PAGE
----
April 5, 2023
Building valuable customer relationships is founded on intentional connections created through communication and meaningful experiences.
This requires a fluid, fit-for-purpose approach that meets personalised customer needs and advances key business objectives.
Lifecycle marketing is a way to engage with customers based on who they are and how they behave in the context of how they interact with a business. It involves an always-on process that provides customers with contextualised experiences at the right time through relevant channels.
No two lifecycles look the same.
By starting with a clear understanding of your customer needs and key business objectives, brands can build a fit-for-purpose lifecycle that brings real value to both.
Lifecycles are often built on five main pillars - acquisition, onboarding, growth, retention and win-back. A clear understanding of each pillar can provide a general framework for brands to understand their relationship with a range of customers that have, and will, engage with their brand.
While most lifecycles follow a similar sequence, smart businesses will uniquely refine their lifecycle to consider key variables such as industry, product type, service model, company strategy and customer profile. When doing this, it is important to consider:
For those looking to build a lifecycle that is unique to their business and their customers, here are five examples that demonstrate how a lifecycle can be adapted to meet different requirements and needs.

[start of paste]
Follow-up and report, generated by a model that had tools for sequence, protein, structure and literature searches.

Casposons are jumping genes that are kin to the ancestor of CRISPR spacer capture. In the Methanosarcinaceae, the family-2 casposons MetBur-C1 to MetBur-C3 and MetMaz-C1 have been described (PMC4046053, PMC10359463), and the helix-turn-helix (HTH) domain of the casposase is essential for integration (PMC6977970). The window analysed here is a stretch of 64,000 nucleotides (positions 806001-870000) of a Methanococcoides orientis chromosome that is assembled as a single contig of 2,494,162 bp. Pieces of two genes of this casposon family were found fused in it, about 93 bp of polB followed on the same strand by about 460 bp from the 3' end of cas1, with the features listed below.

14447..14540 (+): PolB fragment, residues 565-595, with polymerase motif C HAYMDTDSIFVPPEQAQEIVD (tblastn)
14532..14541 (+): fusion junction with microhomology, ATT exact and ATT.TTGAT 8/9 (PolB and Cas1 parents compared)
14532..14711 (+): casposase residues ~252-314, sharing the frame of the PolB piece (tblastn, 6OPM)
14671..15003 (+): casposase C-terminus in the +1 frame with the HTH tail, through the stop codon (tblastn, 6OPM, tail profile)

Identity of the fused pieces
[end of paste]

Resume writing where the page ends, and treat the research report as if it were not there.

Often credited as the ‘first’ lifecycle model, the CRM platform InfusionSoft built its software around a customer lifecycle-based approach. By dividing the customer journey into three main stages - Attract, Sell and Wow - its users could shift from a transactional to a relationship-based view of the customer. Even in this initial model, there is a clear customer focus on ‘Wow’ and driving loyalty amongst critical customer groups.
InfusionSoft defined the role and purpose of each of its three pillars as follows:
In this initial stage, customers seek a product or service to help them solve their key needs. The business objective of this phase is to target, attract and collect prospective customers. Here lead magnets such as free trials can be used by businesses to attract customers in their search for a solution. Prospective customers transition to the next stage when their information is captured, organised and stored by the business.
In this stage, customers are looking for more information before making a purchase, while the business objective is to close the sale. Marketing efforts are therefore steered towards customer education and time-based promotional offers to ensure that customer and business objectives are met. Customers transition to the next stage when they make a purchase.
In this final stage, the business objective is to convert customers into loyal advocates while customers focus on generating more value from their relationship with the brand. Speed is paramount in this phase of the lifecycle, with businesses racing to delight and positively surprise customers within 30 days of purchase. Customers re-enter the selling phase through the cross-promotional or up-selling opportunities provided in this phase, but the ideal customer behaviour characterised by this pillar is referral generation.